It has been over a decade since the Bitcoin White Paper was released, however, do people still overlook Bitcoin and other crypto as an asset class? While the status of crypto as a currency remains in the air, it does hold great, albeit ever-fluctuating value. This may have important repercussions if you are one of the following situations:
- Valuing a business portfolio
- Taking security or offering credit
- Enforcing judgment
In this first blog, we will consider how the existence of crypto could influence the decision making of a potential claimant. We will look at more unique scenarios later on in the series – such as the implications of crypto for Insolvency Practitioners.
Firstly, we need to assess the risk of any potential legal action. Will the claim make a profit? If you win the case, will the defendant still have assets left at the end of it? If so, how easily could you enforce against these assets? Let’s suppose that the claimant has discovered that the defendant holds crypto. With just a little bit of digging, you might find that a retailer defendant accepts crypto. Alternatively, a defendant may have been asking on social media platforms about whether they should move from Bitcoin to other cryptocurrencies such as privacy coins…the irony.
Once you know that crypto may feature in the assets in a case, our Civil Procedure Rules set out a range of orders which a Court may, if persuaded, grant at any time (including before Court proceedings), to secure assets. The Court has unfettered discretion to order other remedies – because of the nature of cryptocurrencies, securing an asset might require a more creative approach to the standard orders. Here are some examples:
Freezing orders: usually compel the defendant to provide a declaration of their assets. The claimant might need to think about whether a worldwide order is necessary in order to capture money held on an offshore exchange. Careful: some outdated standard declaration forms won’t include crypto on their list of assets to be declared by the defendant! Even in cases where there is a mop-up provision, you should include a specific provision for crypto to be declared so that it is not “overlooked”.
Search and Seizure (“SAS”) Orders: Even if a freezing order is obtained without notice to a defendant, the practicalities of then obtaining and maintaining control of crypto for example if the private key was compromised or if the freezing order is breached and/or subsequently making a recovery of the value of the lost crypto can be far more complicated than with physical assets or even cash at bank which has been transferred away. That raises the question; is a freezing order sufficient or is a defendant likely to move the crypto before they declare their assets? An order permitting you to enter premises without notice to the Defendant to search for and seize cryptocurrency, so it can be transferred to a wallet within your control, may be required.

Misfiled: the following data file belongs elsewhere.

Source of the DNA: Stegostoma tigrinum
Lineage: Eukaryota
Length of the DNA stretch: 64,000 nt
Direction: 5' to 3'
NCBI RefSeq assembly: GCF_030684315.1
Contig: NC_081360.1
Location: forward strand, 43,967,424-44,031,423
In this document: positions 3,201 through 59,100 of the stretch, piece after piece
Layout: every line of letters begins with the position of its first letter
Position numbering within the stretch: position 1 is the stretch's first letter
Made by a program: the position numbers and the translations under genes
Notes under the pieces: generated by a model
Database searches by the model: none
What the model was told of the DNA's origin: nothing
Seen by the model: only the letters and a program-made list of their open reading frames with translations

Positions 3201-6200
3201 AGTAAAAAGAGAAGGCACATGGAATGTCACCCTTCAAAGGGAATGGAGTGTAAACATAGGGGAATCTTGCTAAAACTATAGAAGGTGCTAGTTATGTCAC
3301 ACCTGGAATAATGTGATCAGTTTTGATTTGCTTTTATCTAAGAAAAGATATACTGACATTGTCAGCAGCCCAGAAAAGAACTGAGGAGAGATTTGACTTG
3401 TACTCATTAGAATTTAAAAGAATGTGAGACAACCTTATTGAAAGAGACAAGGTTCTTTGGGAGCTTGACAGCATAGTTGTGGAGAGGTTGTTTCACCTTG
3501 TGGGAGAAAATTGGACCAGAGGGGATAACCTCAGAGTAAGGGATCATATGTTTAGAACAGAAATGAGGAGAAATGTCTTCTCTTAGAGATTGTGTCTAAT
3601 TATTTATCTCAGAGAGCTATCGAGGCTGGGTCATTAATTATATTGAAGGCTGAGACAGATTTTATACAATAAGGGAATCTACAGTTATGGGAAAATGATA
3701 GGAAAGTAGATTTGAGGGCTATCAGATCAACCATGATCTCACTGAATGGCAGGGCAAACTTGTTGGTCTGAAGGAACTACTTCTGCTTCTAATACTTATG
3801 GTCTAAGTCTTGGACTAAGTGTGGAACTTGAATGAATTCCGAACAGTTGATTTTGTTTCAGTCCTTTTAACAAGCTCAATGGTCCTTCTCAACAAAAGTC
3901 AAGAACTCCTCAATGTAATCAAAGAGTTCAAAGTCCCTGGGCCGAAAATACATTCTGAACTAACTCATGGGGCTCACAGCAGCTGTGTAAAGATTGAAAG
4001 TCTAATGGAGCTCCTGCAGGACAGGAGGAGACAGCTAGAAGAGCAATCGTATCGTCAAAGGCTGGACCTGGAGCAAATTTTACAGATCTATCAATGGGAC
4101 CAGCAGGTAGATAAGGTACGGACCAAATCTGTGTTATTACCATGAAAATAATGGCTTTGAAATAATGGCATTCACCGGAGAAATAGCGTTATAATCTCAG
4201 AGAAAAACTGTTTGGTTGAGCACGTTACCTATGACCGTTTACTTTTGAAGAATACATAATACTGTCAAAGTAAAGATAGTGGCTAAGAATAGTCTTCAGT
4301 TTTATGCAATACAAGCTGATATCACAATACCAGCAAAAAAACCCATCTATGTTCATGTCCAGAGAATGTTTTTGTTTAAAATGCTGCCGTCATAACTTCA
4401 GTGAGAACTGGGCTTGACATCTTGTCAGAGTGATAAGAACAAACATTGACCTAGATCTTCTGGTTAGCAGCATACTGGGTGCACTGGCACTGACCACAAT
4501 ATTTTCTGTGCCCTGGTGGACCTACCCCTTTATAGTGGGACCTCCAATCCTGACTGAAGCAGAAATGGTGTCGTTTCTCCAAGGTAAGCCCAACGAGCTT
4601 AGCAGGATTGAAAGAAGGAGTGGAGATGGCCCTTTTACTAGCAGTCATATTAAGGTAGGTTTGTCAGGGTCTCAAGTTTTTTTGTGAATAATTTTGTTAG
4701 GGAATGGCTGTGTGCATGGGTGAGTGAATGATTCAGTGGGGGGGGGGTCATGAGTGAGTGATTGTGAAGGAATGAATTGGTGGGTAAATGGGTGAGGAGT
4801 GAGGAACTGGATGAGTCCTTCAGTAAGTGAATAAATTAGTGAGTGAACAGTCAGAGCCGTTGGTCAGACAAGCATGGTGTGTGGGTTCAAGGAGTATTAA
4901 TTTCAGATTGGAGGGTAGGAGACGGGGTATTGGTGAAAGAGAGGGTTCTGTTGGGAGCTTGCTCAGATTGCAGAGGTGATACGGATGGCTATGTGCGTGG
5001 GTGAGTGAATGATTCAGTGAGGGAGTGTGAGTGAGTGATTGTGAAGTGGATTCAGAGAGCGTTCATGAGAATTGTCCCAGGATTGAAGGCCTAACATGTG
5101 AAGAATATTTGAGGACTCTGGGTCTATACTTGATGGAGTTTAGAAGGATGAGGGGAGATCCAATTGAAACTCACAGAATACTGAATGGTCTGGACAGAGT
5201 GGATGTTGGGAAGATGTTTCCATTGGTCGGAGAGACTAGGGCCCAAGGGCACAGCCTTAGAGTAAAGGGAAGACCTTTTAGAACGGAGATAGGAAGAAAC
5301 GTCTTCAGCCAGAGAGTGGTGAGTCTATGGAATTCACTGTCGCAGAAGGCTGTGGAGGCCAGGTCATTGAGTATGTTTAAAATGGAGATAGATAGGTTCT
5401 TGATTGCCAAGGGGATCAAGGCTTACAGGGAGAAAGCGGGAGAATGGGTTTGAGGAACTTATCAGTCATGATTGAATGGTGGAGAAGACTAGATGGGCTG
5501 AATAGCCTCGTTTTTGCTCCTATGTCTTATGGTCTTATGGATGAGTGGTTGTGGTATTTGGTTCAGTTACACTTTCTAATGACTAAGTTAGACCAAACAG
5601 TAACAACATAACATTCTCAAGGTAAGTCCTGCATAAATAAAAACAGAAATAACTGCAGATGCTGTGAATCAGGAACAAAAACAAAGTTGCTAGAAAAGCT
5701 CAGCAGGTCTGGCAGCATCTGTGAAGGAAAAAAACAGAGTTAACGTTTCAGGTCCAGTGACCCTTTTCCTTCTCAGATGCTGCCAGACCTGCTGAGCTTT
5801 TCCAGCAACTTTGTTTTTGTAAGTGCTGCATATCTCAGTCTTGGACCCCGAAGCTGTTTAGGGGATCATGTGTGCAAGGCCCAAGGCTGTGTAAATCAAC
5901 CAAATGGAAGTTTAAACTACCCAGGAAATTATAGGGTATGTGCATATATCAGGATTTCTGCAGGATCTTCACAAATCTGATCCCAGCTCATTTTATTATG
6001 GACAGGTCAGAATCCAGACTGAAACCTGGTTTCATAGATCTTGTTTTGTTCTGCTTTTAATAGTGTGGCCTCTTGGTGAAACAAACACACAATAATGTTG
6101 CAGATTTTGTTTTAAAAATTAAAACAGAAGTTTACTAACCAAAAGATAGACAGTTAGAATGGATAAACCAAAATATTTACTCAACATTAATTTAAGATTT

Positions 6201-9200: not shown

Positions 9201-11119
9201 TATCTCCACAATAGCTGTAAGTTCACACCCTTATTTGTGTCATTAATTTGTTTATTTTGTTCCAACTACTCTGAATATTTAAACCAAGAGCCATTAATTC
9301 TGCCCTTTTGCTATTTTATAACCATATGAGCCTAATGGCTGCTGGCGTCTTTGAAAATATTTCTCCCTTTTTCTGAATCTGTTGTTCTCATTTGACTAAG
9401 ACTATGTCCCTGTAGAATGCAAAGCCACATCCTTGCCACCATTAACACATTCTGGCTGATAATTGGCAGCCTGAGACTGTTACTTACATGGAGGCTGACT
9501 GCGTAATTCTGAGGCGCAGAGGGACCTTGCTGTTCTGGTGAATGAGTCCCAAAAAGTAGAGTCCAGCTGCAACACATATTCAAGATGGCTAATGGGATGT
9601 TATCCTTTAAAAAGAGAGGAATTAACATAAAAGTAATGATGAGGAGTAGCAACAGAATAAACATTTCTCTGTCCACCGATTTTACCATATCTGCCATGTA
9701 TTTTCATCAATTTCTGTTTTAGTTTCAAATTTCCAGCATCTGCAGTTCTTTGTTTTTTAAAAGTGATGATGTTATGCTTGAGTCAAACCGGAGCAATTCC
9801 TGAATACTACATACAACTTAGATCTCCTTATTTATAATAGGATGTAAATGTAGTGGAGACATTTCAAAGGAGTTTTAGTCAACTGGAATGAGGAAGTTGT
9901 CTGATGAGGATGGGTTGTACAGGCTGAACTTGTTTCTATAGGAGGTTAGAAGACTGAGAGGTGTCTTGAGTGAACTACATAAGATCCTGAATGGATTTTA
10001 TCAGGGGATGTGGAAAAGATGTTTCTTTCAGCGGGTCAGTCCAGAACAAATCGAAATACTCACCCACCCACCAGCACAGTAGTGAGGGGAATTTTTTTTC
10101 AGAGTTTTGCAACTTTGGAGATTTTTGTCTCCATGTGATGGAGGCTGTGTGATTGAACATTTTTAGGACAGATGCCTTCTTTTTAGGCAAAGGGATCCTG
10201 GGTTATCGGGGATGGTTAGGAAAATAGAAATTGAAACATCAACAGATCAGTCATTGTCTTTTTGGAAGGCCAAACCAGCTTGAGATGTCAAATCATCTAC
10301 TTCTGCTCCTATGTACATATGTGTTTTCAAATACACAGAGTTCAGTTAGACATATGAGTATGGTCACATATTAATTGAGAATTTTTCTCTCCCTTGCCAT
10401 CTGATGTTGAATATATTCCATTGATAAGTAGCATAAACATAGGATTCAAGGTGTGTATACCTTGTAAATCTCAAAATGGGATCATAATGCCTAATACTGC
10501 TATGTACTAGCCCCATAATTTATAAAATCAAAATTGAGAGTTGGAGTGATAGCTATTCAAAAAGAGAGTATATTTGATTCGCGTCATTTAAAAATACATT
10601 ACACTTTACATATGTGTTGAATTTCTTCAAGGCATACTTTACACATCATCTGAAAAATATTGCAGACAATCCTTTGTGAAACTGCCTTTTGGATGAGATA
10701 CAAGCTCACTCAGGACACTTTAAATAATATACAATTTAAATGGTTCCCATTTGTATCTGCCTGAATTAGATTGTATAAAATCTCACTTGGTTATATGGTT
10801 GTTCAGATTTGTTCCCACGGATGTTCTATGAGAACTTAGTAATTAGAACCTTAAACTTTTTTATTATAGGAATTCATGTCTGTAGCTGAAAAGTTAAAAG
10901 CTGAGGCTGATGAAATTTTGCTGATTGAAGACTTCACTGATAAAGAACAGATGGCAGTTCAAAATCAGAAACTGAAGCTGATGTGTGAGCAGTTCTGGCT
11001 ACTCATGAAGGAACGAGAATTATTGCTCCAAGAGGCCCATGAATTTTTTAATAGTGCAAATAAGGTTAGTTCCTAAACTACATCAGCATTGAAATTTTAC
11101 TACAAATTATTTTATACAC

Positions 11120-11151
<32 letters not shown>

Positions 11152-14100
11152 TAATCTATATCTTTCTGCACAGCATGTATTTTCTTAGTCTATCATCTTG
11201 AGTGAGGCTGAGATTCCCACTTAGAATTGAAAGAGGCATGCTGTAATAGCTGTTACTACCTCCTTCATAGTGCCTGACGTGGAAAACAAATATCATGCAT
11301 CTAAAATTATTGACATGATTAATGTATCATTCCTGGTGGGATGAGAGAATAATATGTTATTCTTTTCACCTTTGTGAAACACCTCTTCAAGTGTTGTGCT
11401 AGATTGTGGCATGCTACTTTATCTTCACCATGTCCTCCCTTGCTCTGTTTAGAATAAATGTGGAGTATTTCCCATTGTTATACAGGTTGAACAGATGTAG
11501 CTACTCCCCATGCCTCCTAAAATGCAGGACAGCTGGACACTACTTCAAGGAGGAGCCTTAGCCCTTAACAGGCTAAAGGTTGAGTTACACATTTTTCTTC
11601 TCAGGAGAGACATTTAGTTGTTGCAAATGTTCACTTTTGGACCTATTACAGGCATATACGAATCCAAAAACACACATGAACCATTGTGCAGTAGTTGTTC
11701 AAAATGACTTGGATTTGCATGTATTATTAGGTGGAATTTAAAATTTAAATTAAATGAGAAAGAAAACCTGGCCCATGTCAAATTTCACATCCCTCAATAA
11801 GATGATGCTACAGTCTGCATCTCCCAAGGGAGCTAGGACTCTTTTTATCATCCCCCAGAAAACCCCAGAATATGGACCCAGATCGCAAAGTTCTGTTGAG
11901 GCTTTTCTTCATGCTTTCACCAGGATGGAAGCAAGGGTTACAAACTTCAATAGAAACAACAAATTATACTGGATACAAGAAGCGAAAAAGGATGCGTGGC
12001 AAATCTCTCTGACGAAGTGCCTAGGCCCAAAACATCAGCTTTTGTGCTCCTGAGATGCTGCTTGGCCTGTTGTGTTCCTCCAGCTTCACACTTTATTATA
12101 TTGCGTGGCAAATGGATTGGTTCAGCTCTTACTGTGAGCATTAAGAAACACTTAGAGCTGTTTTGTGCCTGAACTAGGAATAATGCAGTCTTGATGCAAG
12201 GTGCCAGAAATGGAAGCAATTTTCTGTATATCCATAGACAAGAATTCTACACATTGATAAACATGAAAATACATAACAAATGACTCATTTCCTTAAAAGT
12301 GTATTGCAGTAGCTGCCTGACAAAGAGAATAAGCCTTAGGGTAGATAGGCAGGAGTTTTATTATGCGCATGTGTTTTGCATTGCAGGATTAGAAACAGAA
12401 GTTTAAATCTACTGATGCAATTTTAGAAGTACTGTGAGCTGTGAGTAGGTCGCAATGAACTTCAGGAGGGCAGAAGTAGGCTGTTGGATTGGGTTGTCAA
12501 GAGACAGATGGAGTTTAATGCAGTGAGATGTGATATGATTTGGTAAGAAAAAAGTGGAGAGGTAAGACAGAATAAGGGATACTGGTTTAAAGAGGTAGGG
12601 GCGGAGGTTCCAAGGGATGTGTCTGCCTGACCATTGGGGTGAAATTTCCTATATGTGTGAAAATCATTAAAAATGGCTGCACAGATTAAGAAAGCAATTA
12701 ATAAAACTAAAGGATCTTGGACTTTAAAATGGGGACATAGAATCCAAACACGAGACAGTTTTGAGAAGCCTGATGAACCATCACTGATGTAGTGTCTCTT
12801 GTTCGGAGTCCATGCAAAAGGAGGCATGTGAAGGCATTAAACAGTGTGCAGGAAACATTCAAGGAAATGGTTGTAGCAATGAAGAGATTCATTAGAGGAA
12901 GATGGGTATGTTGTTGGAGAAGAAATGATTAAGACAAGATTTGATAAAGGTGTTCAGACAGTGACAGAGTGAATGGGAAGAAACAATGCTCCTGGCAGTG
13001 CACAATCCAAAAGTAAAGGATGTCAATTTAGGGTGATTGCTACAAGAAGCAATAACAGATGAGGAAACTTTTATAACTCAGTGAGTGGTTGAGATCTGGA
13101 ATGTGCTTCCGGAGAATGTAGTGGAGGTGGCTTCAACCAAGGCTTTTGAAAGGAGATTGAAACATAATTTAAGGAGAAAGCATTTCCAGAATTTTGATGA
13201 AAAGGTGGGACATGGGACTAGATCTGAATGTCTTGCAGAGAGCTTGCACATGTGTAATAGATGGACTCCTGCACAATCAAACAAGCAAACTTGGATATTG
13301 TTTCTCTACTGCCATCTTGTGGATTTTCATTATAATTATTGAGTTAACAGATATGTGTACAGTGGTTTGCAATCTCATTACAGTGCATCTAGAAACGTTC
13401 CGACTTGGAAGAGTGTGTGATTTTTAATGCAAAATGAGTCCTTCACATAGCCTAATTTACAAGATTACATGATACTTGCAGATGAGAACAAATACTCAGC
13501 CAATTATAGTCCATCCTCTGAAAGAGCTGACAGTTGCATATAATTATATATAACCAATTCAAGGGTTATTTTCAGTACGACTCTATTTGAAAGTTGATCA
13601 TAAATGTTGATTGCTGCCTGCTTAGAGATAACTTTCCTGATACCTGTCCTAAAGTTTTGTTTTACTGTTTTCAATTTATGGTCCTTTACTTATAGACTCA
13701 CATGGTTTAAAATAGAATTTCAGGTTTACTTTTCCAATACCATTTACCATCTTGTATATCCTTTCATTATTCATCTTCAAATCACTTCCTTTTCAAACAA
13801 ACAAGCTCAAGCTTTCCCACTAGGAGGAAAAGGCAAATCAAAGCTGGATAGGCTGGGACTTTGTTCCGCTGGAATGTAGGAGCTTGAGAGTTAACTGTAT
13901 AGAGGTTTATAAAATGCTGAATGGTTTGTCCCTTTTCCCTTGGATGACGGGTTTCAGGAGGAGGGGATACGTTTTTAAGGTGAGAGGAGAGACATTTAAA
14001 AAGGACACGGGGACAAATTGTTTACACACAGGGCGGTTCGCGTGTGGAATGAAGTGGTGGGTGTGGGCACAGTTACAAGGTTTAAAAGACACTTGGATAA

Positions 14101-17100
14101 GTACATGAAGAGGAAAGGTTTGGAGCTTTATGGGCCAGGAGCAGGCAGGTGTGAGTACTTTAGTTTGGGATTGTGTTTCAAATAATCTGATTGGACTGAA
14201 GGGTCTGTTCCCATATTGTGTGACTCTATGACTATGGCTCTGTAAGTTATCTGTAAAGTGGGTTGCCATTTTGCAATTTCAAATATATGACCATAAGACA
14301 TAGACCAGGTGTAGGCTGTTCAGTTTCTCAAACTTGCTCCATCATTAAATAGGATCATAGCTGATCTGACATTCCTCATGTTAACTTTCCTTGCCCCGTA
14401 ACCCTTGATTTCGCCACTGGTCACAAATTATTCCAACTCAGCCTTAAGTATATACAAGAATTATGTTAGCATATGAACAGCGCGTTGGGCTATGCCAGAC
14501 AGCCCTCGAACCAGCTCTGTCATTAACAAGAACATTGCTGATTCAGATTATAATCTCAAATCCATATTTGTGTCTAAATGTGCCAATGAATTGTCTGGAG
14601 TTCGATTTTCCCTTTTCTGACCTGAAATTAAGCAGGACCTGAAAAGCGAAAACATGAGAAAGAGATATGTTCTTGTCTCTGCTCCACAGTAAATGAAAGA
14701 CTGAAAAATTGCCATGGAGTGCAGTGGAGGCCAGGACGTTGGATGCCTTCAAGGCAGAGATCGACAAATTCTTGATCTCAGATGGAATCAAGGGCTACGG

The practical considerations will include:
- Explaining everything to the judge. This might be more challenging depending on which Court you are in. This may factor into where you issue if you have a choice.
- Ensure that the order includes permission to access computers, electronic devices, to look for electronic or hard wallets, to take images or to run seed carving software and to move crypto to a secure wallet.
- Find a supervising solicitor that understands the world of crypto. The solicitor needs to know what is reasonably necessary to implement the order.
- Have a plan of action for recovering the asset if you find it. Have a trained, insured, crypto recovery tech on site to recover and securely store the crypto. This is vital!
- Decide if you need an order in advance allowing you to sell the crypto. As well as this, considering the volatility of the price of crypto, you will need to know how to (and not to!) sell it to minimise your risk of criticism by the defendant around any loss of value.
- The possibility of a cross-undertaking in damages. This could be a hefty liability because of the fluctuating value of the crypto, irrespective of whether it will be held or sold.
You should also consider getting third parties, for example, international exchanges, to disclose information that could help to identify, trace or recover assets and it is quite likely you will need to obtain orders facilitating the disclosure of that information.
Proportionality and commerciality may bar these options but no claimant wants to find out that their judgment debt could have been recovered if they had considered crypto as an asset from the beginning. So please remember, don’t forget the crypto!
This blog post was written by Danielle Haston, Legal Director, Restructuring.
T: 0161 836 7728